Founded in 1945, the United Nations (U.N.) is an international organization made up of 193 member states. The U.N. takes on many issues, including food production and gender equality. Four of its branches, the World Food Programme (WFP), the International Fund for Agricultural Development (IFAD), the Food and Agriculture Organization (FAO) and the U.N. Entity for Gender Equality and the Empowerment of Women (U.N. Women), are working together to implement the Rural Women Economic Empowerment Project (Project). The Project works toward gender equality in Rwanda by empowering women through agriculture.
Rwanda has the highest population density in Africa, but the country is largely rural. Overall, about a quarter of Rwandans live in extreme poverty. However, in rural communities, the percentage of people living in extreme poverty rises to almost half. Because of Rwanda’s limited natural resources, its citizens depend on its agriculture economy.
World Food Programme
World Food Programme (WFP) is one of the leading humanitarian organizations fighting against global hunger. Responding in food emergencies and working with communities to “improve nutrition and build resilience,” WFP distributes approximately 12.6 billion rations per year. These rations are split between 80 countries and reach 80 million people.
In Rwanda, approximately 36 percent of households comprise of only women or orphans, and many of these households make money through smallholder family farms. Outside of the Project, WFP works with smallholder farmers in Rwanda to enhance their management capacities and boost their incomes. Already working toward gender equality in Rwanda, WFP also encourages women and girls to contribute to decision-making in their households and communities.
Within the Project, WFP helps improve rural women’s livelihoods and nutrition by providing:
- Iron-fortified beans
- Sweet potato cuttings
- Vegetable seeds
- Irish potatoes
International Fund for Agricultural Development
IFAD is an international financial institution within the U.N. that has reached 464 million people and provided $18.5 billion in grants and loans during its tenure. The agency focuses on small-scale agriculture as a means for poverty reduction, using a people-centered approach.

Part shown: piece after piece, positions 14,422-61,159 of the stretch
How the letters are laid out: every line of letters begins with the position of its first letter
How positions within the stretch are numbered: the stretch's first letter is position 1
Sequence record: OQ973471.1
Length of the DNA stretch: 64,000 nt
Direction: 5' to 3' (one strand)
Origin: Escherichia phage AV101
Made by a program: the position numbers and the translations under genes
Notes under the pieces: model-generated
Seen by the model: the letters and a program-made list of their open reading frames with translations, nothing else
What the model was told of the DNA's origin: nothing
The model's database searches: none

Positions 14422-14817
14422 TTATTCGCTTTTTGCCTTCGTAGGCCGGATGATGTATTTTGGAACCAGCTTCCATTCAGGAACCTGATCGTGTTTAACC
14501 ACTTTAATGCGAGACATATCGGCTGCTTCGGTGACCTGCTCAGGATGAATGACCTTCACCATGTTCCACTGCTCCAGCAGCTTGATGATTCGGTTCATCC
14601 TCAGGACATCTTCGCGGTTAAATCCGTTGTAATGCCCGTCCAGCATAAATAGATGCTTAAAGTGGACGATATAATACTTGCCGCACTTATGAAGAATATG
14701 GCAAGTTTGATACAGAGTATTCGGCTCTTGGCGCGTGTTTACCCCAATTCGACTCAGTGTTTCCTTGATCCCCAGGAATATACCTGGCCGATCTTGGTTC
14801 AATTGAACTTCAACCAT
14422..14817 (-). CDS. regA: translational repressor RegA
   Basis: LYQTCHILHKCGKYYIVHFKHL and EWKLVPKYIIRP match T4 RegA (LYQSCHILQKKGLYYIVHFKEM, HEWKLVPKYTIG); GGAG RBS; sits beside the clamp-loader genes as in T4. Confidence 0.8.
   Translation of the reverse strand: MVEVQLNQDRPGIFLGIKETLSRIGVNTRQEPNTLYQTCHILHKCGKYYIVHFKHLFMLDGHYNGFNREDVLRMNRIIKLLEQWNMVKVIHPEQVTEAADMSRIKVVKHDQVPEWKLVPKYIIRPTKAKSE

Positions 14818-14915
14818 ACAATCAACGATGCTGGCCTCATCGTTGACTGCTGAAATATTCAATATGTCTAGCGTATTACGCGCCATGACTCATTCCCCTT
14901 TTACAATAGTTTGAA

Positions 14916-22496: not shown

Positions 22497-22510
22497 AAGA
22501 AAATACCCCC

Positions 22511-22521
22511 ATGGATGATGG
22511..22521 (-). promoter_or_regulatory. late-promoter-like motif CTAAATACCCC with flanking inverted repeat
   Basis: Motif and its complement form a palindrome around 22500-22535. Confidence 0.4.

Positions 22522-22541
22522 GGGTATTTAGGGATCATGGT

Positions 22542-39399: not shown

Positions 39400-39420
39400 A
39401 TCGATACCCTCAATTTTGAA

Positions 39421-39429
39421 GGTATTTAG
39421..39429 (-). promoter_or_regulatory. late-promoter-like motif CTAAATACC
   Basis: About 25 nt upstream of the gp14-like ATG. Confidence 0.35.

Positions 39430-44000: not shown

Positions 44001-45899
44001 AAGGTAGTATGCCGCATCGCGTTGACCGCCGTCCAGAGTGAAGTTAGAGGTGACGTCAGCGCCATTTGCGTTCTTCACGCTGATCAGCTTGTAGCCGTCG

Working with the other U.N. branches, IFAD has contributed to the Project by funding the installation of maize milling stations to enable Rwandan women to process their own crops. The new milling stations mean that female farmers do not have to ship out and pay for their maize to be processed elsewhere, giving Rwandan women more control over their production and helping them maximize their profits.
Food and Agriculture Organization
FAO is another leading organization in the fight against hunger. Working in over 130 countries, FAO functions as a forum for negotiating agricultural agreements as well as a source of technical information about agriculture and aid development.
FAO contributes to the Project by running an FAO Farmer Field and Life School. The School introduces Rwandan women to modern farming techniques and teaches them the skills they need in implementing the techniques.
U.N. Women primarily works with governments and civil societies to design policies and programs that ensure gender equality. The organization has four strategic priorities:
- Women and girls are violence free
- Women have economic autonomy
- Women participate in and benefit equally from governance systems
- Women participate in building sustainable peace and resilience and benefit equally from humanitarian action
Rwanda is actually the only country in the world with a female majority in its national parliament, and the country adopted a revolutionary constitution in 2003 that prioritized gender equality in Rwanda. However, according to U.N. Women, women’s literacy rates in Rwanda are still ten percent below Rwandan men’s and gender-based violence remains an issue.
U.N. Women contributes to the Project by training participants in entrepreneurialism and responsibility sharing. The training gives women the tools to start their own small business and teach them how to delegate. Rwandan women are taught how to maximize their resources and profits without overburdening themselves.
Beata, a widow with four children, has greatly benefited from the WFP-IFAD-FAO and U.N. women joint Project in Rwanda. The FAO School taught Beata how to plant the iron-fortified beans WFP provided and helped her build a cistern to collect rainwater. Now, her children can work on the farm instead of hiking to get water every day. The Project’s aid helped Beata grow a sizeable surplus of beans for the first time, to buy a sewing machine and to pay for her daughter’s education.
According to IFAD “Women are major contributors to agriculture and rural economies, yet they have significantly less access to services, markets, and assets, including land, than men do.” Aiding female famers not only promotes gender equality but also boosts economies.
So far, the Project has helped over 17,000 women directly and has indirectly benefited over 83,000 more. Extending into 11 districts across Rwanda, the Project has already made substantial progress toward reducing poverty and achieving gender equality in Rwanda.
– Kathryn Quelle